Softworld preview: the IT factor


Sarbox is making waves. Enough column inches have been given over to its
effect on big international businesses. What’s new is its impact on the IT spend
of smaller players.

Many UK businesses have had to face Sarbanes-Oxley in one way or another.
From holding a US listing, or being a small supplier that is being scrutinised
because a client is undergoing a thorough Sarbox audit, many companies have been
affected by the US controls legislation.

Yet the reach of Sarbox has extended further than imagined. The UK business
software industry is buoyant at the moment, because Sarbox has been focussing
business minds on corporate governance across the business community.

‘The market’s driven by compliance – even though it is not yet subject to
stringent legislation like Sarbox,’ according to CODA director Dave Turner.

‘But there is a mood that governance and risk management now has to be
absolutely watertight.’

Turner added that the company’s ‘big topic’: the speeding up of clients’
financial close process, would see CODA perform well since improving controls is
a key feature of good governance.

Increased corporate governance in sectors such as financial services and the
public sector/higher education have also seen a flurry of spending on internal
controls, workflow and more up to date accounting systems.

Kevin Simmons, partner and head of financial management solutions at Atos
Consulting, sees the Markets in Financial Instruments Directive (MiFID) as a big
driver of IT expenditure, alongside Sarbox rationalisation projects.

The public sector, especially local government, is reorganising itself to be
more business-like to get the best use out of packaged business software – as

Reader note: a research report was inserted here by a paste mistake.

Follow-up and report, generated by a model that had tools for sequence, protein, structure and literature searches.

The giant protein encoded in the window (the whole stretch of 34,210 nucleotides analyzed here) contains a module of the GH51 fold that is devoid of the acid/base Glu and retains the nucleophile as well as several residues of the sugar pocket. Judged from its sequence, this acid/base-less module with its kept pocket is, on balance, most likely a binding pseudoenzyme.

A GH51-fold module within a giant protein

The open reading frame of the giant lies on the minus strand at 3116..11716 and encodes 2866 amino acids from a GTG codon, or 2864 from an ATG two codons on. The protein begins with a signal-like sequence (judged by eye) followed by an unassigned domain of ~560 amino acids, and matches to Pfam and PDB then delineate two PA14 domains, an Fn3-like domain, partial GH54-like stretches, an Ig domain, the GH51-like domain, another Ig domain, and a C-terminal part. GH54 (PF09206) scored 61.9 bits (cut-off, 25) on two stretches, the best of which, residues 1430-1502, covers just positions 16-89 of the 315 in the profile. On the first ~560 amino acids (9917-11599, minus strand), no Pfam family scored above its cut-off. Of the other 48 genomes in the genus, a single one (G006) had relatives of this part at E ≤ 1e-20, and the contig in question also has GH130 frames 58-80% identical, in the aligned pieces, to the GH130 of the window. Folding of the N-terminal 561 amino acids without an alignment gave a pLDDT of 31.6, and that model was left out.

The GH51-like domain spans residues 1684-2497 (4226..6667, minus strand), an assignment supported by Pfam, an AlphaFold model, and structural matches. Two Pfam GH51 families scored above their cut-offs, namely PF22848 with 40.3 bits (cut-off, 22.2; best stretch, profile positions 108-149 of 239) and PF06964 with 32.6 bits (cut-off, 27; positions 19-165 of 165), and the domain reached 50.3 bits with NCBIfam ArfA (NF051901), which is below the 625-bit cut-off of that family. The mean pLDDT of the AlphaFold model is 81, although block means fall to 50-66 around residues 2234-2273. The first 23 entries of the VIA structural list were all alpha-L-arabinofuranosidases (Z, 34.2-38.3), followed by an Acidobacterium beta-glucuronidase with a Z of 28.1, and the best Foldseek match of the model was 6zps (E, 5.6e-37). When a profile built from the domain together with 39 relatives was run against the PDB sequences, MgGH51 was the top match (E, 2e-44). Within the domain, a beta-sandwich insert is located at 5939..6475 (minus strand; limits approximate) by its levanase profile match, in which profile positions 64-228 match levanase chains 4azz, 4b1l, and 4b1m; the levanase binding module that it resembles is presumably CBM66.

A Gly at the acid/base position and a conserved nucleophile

they attempt to drive efficiencies to meet targets set by the Gershon Review,
suggests Simmons.

And a strong M&A market means lots of business IT integration. ‘Lots of
businesses are in the process of integrating acquisitions,’ says Simmons.

The impact of the internet upon IT strategy will also be of interest to FDs,
whether they are looking to bring down the cost of IT, or how finance can make
use of online applications to handle accounting processes.

Software as a Service and online hosted applications could influence how IT
benefits are spent in the small and mid-market – enabling companies to work more
closely with clients, while handing over some of the responsibility and risk of
running the application to a third party.

The largest enterprises are already looking to take this on one step further
– integrating outsourcing, applications as a service and in-house IT to create a
Service-Oriented Architecture.

SOA has come to the fore as a strategy of integrating applications into the
processes of a business – which means no one application

is tied to any one department or function. It means you can use those
applications across different parts of the business, driving down the cost of

‘SOA is the industry admitting that you can’t get everything from one vendor
– specifically SAP and Oracle admitting this,’ argues Turner.

‘They are now opening up systems because they want to become the default
platform for big systems while running best of breed applications.’

At the smaller end of the marketplace, Access MD John Beech still sees FDs
using Excel.

‘Recently many have played around with its connectivity to business systems,
we’re looking to demystify how Excel will connect – to give them more to play


IT decision-makers expect IT budget to increase in 2007.

of financial institutions overspend while introducing IT compliance
PMP Research/Lawson

of large enterprises cite Sarbox and IFRS as key drivers behind recent
IT projects.
PMP Research/Lawson

size of business intelligence software market by 2009.

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